Elon Musk Being Sued By Former Twitter Shareholders
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Elon Musk is being sued by former Twitter shareholders over his recent acquisition.
In a recent filing with the US Securities and Exchange Commission (SEC), it was revealed the Tesla and SpaceX chief now holds a 'passive' stake in the social media giant; more precisely, he owns 9.2 percent.
Musk was originally set to join the social media firm's board of directors, but its chief executive Parag Agrawal announced this wouldn't be the case going forward.
While Musk clearly has more than a few thoughts on how Twitter could evolve, specifically concerning an edit button and changes to the Twitter Blue subscription service, others have voiced concerns over how he bought his shares in the first place.
In a new proposed class action filed in Manhattan federal court, former shareholders have accused Musk of making 'materially false and misleading statements and omissions' by failing to declare his stake surpassing five percent to the SEC.
Musk reportedly reached five percent on 14 March, but only disclosed this publicly on 4 April, allowing him to keep the stock price low while buying up shares at a lower price.
When Musk disclosed his stake, Twitter's share price rose from $39.31 to $49.97. The shareholders allege this allowed Musk to buy up more shares at the lower price, while causing others to sell their shares at 'artificially deflated' prices.
They then 'missed the resulting share price increase as the market reacted to Musk's purchases and were damaged thereby', the suit notes.
The lawsuit, led by Marc Rasella, is seeking unspecified compensatory and punitive damages, as per Reuters. Musk and his lawyer have yet to comment on the case.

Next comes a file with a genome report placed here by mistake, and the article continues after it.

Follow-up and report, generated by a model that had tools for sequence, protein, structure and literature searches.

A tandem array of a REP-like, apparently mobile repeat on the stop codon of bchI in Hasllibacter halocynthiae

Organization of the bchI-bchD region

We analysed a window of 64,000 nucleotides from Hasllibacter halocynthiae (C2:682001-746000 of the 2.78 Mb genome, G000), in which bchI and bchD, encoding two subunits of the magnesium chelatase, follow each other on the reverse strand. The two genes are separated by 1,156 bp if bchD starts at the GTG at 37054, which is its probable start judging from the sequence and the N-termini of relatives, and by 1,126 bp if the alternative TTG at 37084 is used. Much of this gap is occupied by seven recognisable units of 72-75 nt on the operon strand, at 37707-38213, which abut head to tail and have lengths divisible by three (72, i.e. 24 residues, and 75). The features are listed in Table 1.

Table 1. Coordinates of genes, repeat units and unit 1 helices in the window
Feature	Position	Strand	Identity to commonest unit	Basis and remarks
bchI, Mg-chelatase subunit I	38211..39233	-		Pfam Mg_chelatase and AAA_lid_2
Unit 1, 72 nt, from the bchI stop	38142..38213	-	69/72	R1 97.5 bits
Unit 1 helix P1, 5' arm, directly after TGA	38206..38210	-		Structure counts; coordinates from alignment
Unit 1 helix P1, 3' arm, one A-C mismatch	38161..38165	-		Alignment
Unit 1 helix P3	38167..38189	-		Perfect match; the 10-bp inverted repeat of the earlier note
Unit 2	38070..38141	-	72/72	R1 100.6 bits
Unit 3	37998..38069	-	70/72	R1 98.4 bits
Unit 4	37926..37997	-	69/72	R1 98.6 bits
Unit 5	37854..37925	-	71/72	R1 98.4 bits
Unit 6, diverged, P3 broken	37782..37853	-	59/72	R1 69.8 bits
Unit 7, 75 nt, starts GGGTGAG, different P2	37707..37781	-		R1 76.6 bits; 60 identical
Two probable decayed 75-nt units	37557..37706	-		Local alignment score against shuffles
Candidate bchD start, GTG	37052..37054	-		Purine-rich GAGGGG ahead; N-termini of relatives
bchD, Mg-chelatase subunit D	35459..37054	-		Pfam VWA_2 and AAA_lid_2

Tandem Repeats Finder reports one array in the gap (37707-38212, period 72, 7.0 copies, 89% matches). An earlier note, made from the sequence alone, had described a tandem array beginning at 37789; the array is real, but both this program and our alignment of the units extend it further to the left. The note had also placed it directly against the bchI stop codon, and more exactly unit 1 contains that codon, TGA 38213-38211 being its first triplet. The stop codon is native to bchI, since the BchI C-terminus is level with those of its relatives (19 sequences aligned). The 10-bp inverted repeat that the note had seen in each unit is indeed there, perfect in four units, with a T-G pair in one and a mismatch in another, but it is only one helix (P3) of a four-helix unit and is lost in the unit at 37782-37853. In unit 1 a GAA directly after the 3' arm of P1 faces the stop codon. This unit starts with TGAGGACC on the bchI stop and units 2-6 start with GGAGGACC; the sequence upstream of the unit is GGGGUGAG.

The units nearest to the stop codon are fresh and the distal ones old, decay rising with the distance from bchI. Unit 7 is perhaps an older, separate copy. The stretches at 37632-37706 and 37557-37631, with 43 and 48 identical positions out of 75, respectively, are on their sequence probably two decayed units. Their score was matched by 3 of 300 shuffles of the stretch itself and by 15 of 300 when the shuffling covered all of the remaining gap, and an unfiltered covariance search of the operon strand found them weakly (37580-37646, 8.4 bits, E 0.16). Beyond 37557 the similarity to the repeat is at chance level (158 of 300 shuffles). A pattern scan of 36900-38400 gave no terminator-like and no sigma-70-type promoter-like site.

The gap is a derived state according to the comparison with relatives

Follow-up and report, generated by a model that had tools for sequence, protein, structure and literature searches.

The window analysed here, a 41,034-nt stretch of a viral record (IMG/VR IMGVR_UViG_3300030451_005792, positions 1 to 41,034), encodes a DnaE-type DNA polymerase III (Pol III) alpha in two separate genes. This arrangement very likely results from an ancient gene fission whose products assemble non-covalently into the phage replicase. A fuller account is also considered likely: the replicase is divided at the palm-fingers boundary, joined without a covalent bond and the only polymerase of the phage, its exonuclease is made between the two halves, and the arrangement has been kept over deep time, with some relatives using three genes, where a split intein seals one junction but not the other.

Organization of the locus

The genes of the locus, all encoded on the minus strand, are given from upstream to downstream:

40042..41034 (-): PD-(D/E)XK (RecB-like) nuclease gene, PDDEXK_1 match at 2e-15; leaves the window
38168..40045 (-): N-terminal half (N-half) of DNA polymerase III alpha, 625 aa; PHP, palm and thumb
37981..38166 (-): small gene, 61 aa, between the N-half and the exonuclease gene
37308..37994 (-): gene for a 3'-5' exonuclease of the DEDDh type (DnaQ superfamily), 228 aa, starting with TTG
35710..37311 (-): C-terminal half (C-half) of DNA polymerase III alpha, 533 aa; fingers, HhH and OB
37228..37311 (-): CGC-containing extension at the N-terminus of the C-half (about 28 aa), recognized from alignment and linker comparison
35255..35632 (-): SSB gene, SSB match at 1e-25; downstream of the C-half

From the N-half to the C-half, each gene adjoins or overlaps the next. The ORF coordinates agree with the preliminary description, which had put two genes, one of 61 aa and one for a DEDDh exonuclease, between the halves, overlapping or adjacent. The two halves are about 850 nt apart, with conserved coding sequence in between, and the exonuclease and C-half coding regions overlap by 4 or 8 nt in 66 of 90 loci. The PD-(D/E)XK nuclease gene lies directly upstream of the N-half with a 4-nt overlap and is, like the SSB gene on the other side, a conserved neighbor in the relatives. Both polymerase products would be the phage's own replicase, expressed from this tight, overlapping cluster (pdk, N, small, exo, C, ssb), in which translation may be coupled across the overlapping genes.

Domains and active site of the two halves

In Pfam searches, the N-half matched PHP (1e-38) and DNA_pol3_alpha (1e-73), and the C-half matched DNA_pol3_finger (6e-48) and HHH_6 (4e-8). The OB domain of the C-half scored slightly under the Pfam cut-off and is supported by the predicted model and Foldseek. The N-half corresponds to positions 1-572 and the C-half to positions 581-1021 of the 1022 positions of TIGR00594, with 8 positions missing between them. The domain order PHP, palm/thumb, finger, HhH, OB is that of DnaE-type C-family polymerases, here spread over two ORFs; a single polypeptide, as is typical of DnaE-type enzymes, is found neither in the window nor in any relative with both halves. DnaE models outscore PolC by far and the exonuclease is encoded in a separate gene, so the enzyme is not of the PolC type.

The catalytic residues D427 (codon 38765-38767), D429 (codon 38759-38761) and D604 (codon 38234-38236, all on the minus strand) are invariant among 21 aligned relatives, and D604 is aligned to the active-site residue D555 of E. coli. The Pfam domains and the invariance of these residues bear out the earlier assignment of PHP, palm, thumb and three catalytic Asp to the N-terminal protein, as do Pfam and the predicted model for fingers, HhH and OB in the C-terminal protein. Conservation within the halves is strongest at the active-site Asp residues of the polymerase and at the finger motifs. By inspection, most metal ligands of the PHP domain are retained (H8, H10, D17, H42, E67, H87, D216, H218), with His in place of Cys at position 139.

New: Twitter shareholder sues Elon Musk in federal securities class action lawsuit, alleging that he "made materially false and misleading statements and omissions by failing to disclose to investors" his ownership stake in Twitter.https://t.co/SB1e8MX8NS— Bobby Allyn (@BobbyAllyn) April 12, 2022
Musk's acquisition attracted criticism from other experts. David Kass, a finance professor at University of Maryland’s business school, told The Washington Post: "I really don’t know what’s going through his mind. Was he ignorant or knowledgeable that he was violating securities law?"
It's unlikely the SEC will ask Musk to hand over the profits he pocketed from the delayed disclosure, according to Adam Pritchard, a professor of securities law at University of Michigan’s law school.
He said the commission 'would have to be really angry with him to try that because they would have a good chance of a court rejecting that argument'.
On Musk's decision to not join the board of directors, Agrawal said it was 'for the best... we have and will always value input from our shareholders whether they are on our board or not. Elon is our biggest shareholder and we will remain open to his input.'
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Topics: Technology, Elon Musk, Twitter